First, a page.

You will also have “homework” in between sessions. CBT works best when you practice outside of therapy. Your therapist will likely ask you to keep a log of your thoughts throughout the week. You will also apply techniques learned in therapy to real-life situations.
Cognitive Behavioral Therapy Techniques
There are a wide variety of techniques therapists use when practicing cognitive behavioral therapy. Each of them serves a specific purpose in modifying your thoughts and behaviors. Here are a few of the most popular CBT techniques.
You can’t change negative thought patterns if you’re unaware of them. The term “thought records” refers to the process of writing down your thoughts over time, especially when negative emotions come up. Your therapist may ask you to keep a journal or they may provide you with worksheets to use. Thought records allow you to look back and reflect on your thought patterns, then objectively examine the truth about these thoughts.
Once you have an idea of your negative thought patterns, you can use cognitive restructuring to replace them with more realistic and positive thoughts. For example, if you often think, “I’m a bad parent because I lose my temper with my kids,” you could modify that thought to something along the lines of, “I sometimes become unreasonably angry at my kids, but I still love them and try to be a good parent.”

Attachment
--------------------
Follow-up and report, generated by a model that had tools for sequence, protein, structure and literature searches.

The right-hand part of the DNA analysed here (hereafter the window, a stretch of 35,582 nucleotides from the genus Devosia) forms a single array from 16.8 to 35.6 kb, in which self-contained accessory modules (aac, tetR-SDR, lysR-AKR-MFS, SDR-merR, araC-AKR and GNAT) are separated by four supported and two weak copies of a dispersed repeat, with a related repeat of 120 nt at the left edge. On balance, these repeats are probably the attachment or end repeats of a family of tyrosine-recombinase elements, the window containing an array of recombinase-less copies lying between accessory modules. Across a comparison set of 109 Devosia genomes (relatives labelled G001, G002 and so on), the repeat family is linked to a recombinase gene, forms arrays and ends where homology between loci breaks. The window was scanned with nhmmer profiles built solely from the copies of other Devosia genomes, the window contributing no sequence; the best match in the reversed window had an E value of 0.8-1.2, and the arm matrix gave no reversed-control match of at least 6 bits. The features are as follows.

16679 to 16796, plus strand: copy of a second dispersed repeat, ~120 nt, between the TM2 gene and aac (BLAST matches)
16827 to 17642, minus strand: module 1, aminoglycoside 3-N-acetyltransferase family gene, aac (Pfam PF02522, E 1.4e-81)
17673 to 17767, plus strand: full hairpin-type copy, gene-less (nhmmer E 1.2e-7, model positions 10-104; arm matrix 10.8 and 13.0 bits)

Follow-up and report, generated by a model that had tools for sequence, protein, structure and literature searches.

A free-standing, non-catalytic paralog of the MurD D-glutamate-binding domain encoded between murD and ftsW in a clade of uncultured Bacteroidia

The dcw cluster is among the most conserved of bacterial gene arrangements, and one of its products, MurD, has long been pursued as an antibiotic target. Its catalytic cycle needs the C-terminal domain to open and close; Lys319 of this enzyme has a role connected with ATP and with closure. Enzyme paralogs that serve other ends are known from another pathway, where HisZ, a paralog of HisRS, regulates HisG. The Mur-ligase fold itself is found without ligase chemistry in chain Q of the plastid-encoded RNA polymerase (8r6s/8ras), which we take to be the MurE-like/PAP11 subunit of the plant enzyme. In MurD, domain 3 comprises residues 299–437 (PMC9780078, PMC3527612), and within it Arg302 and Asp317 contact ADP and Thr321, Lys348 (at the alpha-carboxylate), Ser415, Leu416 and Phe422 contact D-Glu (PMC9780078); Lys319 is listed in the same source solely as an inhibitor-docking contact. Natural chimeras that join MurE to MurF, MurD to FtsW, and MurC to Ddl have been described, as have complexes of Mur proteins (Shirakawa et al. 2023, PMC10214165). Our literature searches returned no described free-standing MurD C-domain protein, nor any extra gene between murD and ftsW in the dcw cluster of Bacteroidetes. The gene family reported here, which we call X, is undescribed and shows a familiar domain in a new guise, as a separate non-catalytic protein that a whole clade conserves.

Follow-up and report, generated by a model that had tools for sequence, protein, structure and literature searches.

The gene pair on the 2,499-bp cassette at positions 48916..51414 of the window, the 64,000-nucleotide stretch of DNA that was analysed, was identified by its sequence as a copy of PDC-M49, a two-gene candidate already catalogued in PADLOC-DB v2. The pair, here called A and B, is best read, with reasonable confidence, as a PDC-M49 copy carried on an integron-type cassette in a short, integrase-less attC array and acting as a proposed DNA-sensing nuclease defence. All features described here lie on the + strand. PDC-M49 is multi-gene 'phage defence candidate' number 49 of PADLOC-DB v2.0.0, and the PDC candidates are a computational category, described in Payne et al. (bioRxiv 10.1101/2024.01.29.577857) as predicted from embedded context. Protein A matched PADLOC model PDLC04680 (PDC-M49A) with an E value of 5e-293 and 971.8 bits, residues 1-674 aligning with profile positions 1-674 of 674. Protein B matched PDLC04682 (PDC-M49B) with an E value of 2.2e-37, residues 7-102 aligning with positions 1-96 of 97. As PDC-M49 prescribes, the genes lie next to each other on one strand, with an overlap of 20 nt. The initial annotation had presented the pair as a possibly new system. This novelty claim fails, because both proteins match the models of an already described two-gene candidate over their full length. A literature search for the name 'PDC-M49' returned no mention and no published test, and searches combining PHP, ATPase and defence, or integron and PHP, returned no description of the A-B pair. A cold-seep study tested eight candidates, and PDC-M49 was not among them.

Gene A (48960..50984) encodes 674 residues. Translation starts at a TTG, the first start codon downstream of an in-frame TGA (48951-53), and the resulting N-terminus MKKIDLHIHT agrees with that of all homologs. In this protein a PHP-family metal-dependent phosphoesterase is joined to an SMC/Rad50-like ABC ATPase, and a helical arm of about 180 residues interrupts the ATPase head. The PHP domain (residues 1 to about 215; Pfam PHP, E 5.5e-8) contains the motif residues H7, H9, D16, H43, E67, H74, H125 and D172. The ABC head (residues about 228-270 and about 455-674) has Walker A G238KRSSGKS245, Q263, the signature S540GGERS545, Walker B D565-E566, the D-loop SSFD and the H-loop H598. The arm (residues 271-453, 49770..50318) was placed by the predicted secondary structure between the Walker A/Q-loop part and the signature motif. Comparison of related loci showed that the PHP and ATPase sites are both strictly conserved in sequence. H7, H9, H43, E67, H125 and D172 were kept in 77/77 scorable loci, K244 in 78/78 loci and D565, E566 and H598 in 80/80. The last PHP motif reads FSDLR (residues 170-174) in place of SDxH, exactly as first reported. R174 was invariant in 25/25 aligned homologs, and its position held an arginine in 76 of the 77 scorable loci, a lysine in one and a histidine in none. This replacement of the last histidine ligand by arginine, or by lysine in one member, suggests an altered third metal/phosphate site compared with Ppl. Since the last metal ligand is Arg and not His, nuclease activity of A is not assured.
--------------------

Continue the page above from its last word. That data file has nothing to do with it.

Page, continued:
Although our thoughts greatly impact our feelings, our behaviors also have the ability to impact our mood. Behavioral activation takes advantage of this principle. It involves scheduling activities throughout the week so that you’re more likely to follow through with them.
Depending on what particular mental health issue you’re struggling with, behavioral activation may center on different types of activities. For example, if you have depression and find it hard to enjoy your favorite activities, your therapist might ask you to schedule some time to engage in a hobby or chat with a close friend.
Behavioral experiments involve predicting what will happen in a certain situation and then comparing your prediction to the actual outcome. This technique can be very helpful because it shows you how many times your brain may get it wrong, and how you tend to distort potential outcomes.
For example, if you predict you’ll trip over your words throughout a job interview but end up only stuttering once, you can see that your thoughts are an exaggeration. This evidence helps you form more realistic predictions for the future.